What makes these documentaries so interesting â€“ aside from their diverse subjects of interesting oddballs ranging from male porn stars and black supremacists to UFO hunters â€“ is Louis Theroux himself. His genuine curiosity for his subjects allows him to insert himself into his documentaries without becoming the star attraction, asking potentially painful or embarrassing questions and surprisingly almost always getting honest answers in return. Michael Apted gets away with asking similarly blunt questions in his Up series because heâ€™s known his subjects â€“ age 49 as of the last installment â€“ since they were seven years old, at one point reminding a London taxi driver that he has failed at every career he has pursued in his life. Theroux doesnâ€™t have the advantage of becoming lifelong friends with the people heâ€™s documenting, and instead penetrates these peoplesâ€™ lives so effortlessly because he is open, friendly, and genuinely interested in what they have to say. Even when dealing with his most repelling subjects like Neo-Nazis or the aforementioned Westboro Baptist Church, he humanizes these people by cutting through their personas and rhetoric with his profound curiosity. The show is not just about the subjects themselves, but also about Therouxâ€™s journey to understand them.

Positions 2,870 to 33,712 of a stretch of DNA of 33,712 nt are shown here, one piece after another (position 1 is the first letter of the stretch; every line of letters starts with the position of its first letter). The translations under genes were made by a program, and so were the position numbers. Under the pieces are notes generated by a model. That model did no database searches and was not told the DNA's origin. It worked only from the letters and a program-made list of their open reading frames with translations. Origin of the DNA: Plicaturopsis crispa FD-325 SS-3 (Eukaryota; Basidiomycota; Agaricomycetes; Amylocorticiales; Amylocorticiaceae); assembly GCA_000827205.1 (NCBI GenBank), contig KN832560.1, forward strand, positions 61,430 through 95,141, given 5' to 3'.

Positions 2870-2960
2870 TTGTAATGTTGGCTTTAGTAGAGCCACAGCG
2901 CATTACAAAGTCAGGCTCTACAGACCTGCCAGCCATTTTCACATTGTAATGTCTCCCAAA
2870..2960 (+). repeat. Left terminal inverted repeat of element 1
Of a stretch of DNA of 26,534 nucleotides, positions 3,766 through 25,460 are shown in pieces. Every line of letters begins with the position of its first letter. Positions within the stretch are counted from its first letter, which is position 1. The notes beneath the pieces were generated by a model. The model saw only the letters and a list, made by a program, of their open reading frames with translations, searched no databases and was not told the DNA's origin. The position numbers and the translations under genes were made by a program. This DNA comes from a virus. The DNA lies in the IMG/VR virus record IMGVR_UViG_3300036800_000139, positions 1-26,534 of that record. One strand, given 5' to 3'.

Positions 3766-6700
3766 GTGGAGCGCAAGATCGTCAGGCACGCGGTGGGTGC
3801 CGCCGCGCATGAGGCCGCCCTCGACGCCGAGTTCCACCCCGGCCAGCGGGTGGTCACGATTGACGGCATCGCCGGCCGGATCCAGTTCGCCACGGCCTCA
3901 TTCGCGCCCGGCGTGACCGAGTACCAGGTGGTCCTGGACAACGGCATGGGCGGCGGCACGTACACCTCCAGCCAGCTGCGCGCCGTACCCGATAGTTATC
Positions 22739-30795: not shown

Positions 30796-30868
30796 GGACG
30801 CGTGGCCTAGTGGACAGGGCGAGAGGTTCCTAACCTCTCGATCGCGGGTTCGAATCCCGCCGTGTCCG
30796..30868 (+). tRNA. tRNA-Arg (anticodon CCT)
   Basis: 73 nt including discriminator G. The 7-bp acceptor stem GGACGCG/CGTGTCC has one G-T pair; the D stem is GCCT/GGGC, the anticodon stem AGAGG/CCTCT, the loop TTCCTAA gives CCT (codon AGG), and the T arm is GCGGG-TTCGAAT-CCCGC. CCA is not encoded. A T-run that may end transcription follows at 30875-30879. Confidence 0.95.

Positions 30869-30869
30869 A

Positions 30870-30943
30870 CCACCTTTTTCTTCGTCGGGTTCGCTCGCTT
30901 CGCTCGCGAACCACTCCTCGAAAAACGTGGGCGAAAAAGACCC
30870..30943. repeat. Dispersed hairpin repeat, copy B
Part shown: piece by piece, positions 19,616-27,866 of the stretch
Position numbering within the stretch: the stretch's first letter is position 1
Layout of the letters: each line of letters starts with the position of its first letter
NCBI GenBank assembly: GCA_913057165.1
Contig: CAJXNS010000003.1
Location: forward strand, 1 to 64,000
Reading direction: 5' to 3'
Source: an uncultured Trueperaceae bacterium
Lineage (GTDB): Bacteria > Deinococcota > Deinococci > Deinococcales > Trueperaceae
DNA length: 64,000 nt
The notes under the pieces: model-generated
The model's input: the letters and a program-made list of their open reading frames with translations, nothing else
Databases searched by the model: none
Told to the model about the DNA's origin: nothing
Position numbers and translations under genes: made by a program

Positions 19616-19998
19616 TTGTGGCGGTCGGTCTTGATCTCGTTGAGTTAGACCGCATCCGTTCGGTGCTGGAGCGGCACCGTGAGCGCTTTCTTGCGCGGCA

So, should you find yourself unusually bored (
even moreso given this siteâ€™s current involuntary hiatus WAIT, I STILL FUNCTION) and donâ€™t mind spending an hour or two streaming decent enough quality video, you could do worse than randomly clicking a link at the bottom of the Boing Boing post linked to above. Or, if the laws of probability terrify you like they rightfully should, might I suggest a few personal favorites like the episode on white supremacists or maybe the one on gangsta rappers. Of course, for those who havenâ€™t seen it, Therouxâ€™s time spent with the Westboro Baptist Church is immensely interesting, even if it leaves your faith in humanity utterly destroyed.
January 10 
For those of you with something better to do all day than endlessly refresh news sites and Internet forums, Hulu is a joint venture video site from NBC Universal and News Corp. The site was initially billed as a YouTube-killer, especially after NBC went to such great lengths to remove all of its content from the Google-owned site. However, Hulu takes a very different approach to online video, featuring clips and full episodes from past and present shows on Fox, F/X, NBC, Bravo, USA, and The Sci Fi Channel, among others. Users cannot upload clips of their own.
Currently, the site is only available to US Beta testers, of which I am one. It features an interesting enough selection of shows, from current Internet clip heavy hitters like Family Guy and The Office to cult classics such as Firefly and Arrested Development. The movies themselves are extremely high quality, even when blown up to full screen, and remain entirely free thanks to short, 30 second advertisements from Cisco, Ford, Burger King, and Intel. Despite only being accessible to beta testers, these very same testers can embed any video in any page they want. OPENhulu, for example, mirrors all of Hulu’s content as embedded video. And look, here’s the dual-titled Master and Commander: On the Far Side of the World: